Efficiency of multivariate models with partially missing data

I am working with longitudinal MMRM-like Bayesian models for clinical trial data. For each patient, a continuous outcome variable is measured a pre-determined n > 2 number of times, and those outcome measurements are treated as multivariate normal for each patient. Outcomes from different patients are assumed independent conditional on the parameters.

It is common for patients to drop out during the study, so there are a lot of missing outcomes. To integrate out the missing outcomes, I am using the technique described at 3.5 Missing multivariate data | Stan User’s Guide because it works well with ELPD methods like the one by Silva and Zanella (2022). In addition, it easy to generalize to the n-dimensional multivariate case because the marginal of a multivariate normal is multivariate normal on a subset of elements of mean vector \mu and a subset of the rows and columns of covariance matrix \Sigma. Overall, this approach works well. I am very happy with it, and it is much simpler and more computationally efficient than 3.1 Missing data | Stan User’s Guide in my case.

However, I feel like the way I am coding it is not as efficient as it could be. Each patient uses a different subset of \Sigma, and I code their likelihood in Stan as

y[subset] ~ multi_normal(mu[subset], Sigma[subset, subset])


  • y is the patient-specific vector of observations.
  • mu is the patient-specific mean vector.
  • Sigma is the shared covariance matrix among different measurements within a patient.
  • subset is a patient-specific int array to select only the observed components of y.

I want to use multi_normal_cholesky(), but subset is different from patient to patient, and I would have to re-compute the Cholesky factor of Sigma[subset, subset] for each patient and each MCMC iteration.

Is there a computational shortcut to compute the Cholesky factor of Sigma[subset, subset] given an existing Cholesky factorization \Sigma = L L^T of the full covariance matrix? I tried to derive one at linear algebra - Fast shortcut to get the Cholesky factor of a submatrix - Mathematics Stack Exchange, but my answer in that post is wrong because the Cholesky-like factor I came up with is not lower triangular.

I don’t know how to update the Cholesky factor of a subset, but I know how to update the inverse of Sigma and the log-determinant of Sigma for subset. This becomes especially helpful if the number of missing entries tends to be much less than the dimension of Sigma.

In the function below:

Sigmainv is the inverse of the full Sigma matrix
obsidx has the indexing of the observed entries (what you call subset), followed by the indexing of the missing entries
Nobs is the number of observed entries
np is the dimension of Sigma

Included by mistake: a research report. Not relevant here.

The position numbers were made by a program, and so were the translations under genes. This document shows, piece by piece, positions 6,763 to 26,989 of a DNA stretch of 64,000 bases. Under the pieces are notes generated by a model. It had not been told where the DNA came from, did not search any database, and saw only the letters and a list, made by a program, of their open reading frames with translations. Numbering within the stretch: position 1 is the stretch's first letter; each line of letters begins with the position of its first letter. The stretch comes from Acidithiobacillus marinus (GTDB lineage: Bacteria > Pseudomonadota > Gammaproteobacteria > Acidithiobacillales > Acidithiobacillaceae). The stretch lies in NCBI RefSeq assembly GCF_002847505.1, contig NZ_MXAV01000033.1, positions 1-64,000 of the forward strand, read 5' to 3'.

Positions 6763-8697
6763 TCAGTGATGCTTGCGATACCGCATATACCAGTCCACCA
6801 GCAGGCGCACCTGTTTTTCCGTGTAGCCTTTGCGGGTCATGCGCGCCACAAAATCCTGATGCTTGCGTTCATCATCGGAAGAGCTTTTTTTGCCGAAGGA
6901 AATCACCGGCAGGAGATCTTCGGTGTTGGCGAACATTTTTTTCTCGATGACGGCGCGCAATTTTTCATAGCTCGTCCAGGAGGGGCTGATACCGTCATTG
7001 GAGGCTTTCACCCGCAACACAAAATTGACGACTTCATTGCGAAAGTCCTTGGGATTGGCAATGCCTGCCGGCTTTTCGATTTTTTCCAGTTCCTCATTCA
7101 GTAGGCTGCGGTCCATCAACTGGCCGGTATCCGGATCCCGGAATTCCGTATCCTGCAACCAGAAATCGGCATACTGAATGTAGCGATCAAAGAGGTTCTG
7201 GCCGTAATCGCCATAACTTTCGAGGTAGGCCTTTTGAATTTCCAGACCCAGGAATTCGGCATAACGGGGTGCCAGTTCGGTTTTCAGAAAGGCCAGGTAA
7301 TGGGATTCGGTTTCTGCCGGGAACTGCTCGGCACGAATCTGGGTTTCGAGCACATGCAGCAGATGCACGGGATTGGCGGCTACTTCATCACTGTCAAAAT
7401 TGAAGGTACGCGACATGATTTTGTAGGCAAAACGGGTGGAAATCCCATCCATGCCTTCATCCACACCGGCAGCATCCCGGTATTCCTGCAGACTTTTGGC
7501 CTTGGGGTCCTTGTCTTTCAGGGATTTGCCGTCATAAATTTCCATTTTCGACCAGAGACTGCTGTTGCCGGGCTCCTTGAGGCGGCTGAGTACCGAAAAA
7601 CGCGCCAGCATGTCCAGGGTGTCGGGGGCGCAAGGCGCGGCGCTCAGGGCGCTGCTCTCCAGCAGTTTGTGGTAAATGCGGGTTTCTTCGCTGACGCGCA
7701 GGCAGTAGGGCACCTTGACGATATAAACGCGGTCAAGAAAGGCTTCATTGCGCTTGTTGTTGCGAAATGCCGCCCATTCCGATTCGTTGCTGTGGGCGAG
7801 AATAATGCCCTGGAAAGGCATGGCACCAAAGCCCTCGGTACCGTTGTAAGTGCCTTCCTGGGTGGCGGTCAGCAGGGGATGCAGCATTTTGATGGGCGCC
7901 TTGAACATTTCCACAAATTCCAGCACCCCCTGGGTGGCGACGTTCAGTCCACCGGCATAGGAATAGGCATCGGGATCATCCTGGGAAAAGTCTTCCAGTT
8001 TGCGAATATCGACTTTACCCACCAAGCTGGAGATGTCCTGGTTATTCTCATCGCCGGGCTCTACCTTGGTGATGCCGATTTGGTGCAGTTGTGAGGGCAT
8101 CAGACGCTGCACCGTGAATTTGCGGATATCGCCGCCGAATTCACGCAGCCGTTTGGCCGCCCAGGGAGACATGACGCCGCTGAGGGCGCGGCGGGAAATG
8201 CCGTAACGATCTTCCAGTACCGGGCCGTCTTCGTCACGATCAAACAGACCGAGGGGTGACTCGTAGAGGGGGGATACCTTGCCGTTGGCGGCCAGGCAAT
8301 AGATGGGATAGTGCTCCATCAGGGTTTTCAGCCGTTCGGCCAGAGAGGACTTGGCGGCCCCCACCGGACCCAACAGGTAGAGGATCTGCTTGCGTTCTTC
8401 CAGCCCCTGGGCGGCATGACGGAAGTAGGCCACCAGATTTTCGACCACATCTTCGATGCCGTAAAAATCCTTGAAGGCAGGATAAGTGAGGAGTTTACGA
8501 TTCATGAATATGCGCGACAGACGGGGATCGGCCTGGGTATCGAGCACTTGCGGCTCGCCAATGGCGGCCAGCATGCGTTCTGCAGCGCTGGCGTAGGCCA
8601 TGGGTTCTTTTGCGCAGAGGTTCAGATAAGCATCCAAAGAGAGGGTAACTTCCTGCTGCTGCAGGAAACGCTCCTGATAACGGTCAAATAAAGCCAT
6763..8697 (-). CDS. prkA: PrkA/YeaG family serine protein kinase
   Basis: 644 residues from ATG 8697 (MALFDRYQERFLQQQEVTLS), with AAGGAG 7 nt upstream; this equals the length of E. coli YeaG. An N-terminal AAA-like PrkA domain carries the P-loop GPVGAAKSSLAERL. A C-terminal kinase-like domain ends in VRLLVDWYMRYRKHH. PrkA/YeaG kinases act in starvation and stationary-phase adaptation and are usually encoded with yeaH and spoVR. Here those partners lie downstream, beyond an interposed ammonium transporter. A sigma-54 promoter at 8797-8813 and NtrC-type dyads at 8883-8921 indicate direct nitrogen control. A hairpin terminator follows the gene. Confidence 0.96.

logdet is the log-determinant of the full Sigma

Then the upper left square of out contains the inverse of Sigma[subset, subset], with the last diagonal entry containing the log determinant of Sigma[subset, subset].

matrix sig_inv_update(matrix Sigmainv, int[] obsidx, int Nobs, int np, real logdet) {
    matrix[Nobs + 1, Nobs + 1] out = rep_matrix(0, Nobs + 1, Nobs + 1);
    int nrm = np - Nobs;
    matrix[nrm, nrm] H;
    matrix[nrm, Nobs] A;

    if (nrm == 0) {
      out[1:Nobs, 1:Nobs] = Sigmainv;
      out[Nobs + 1, Nobs + 1] = logdet;
    } else {
      H = Sigmainv[obsidx[(Nobs + 1):np], obsidx[(Nobs + 1):np]];
      A = Sigmainv[obsidx[(Nobs + 1):np], obsidx[1:Nobs]];

      out[1:Nobs, 1:Nobs] = Sigmainv[obsidx[1:Nobs], obsidx[1:Nobs]] - A' * mdivide_left_spd(H, A);
      out[Nobs + 1, Nobs + 1] = logdet + log_determinant(H);

    return out;

To make it more efficient, I arrange the rows of y by missing data pattern and compute the above once per missing data pattern. Then I use a custom computation of the multivariate normal lpdf for more efficiency (below).

In the below function:
xbar and S are the mean and covariance matrix (divided by n instead of (n-1)) of data with this missing data pattern (if there is only one observation in this pattern, S is a matrix of 0s)
Mu is the multivariate normal mean vector for this missing data pattern
Supdate is out from the above function
N is the number of observations in this missing data pattern

  real multi_normal_suff(vector xbar, matrix S, vector Mu, matrix Supdate, int N) {
    int Nobs = dims(S)[1];
    real out;

    // using elementwise multiplication + sum here for efficiency
    out = -.5 * N * ( sum(Supdate[1:Nobs, 1:Nobs] .* (S + (xbar - Mu) * (xbar - Mu)')) + Supdate[Nobs + 1, Nobs + 1] + Nobs * log(2 * pi()) );

1 Like

The Eigen matrix library defines operations which allow to update Cholesky factors. These are not yet available in Stan-math, but I filed an issue for it: Update Cholesky factors · Issue #2855 · stan-dev/math · GitHub You could reimplement these in Stan directly, I think.

In brms Cholesky factors are computed for every subset pattern “on demand” (have a look at the unstr facility of brms), but they are re-used as much as possible. One key thing to note is that the Cholesky factor of the correlation matrix is needed while the residual error terms (sigmas) can be simply used to scale that Cholesky factor. The approach from @edm looks very promising too.


Thank you both for the ideas, and thanks @wds15 for submitting that Stan-math issue!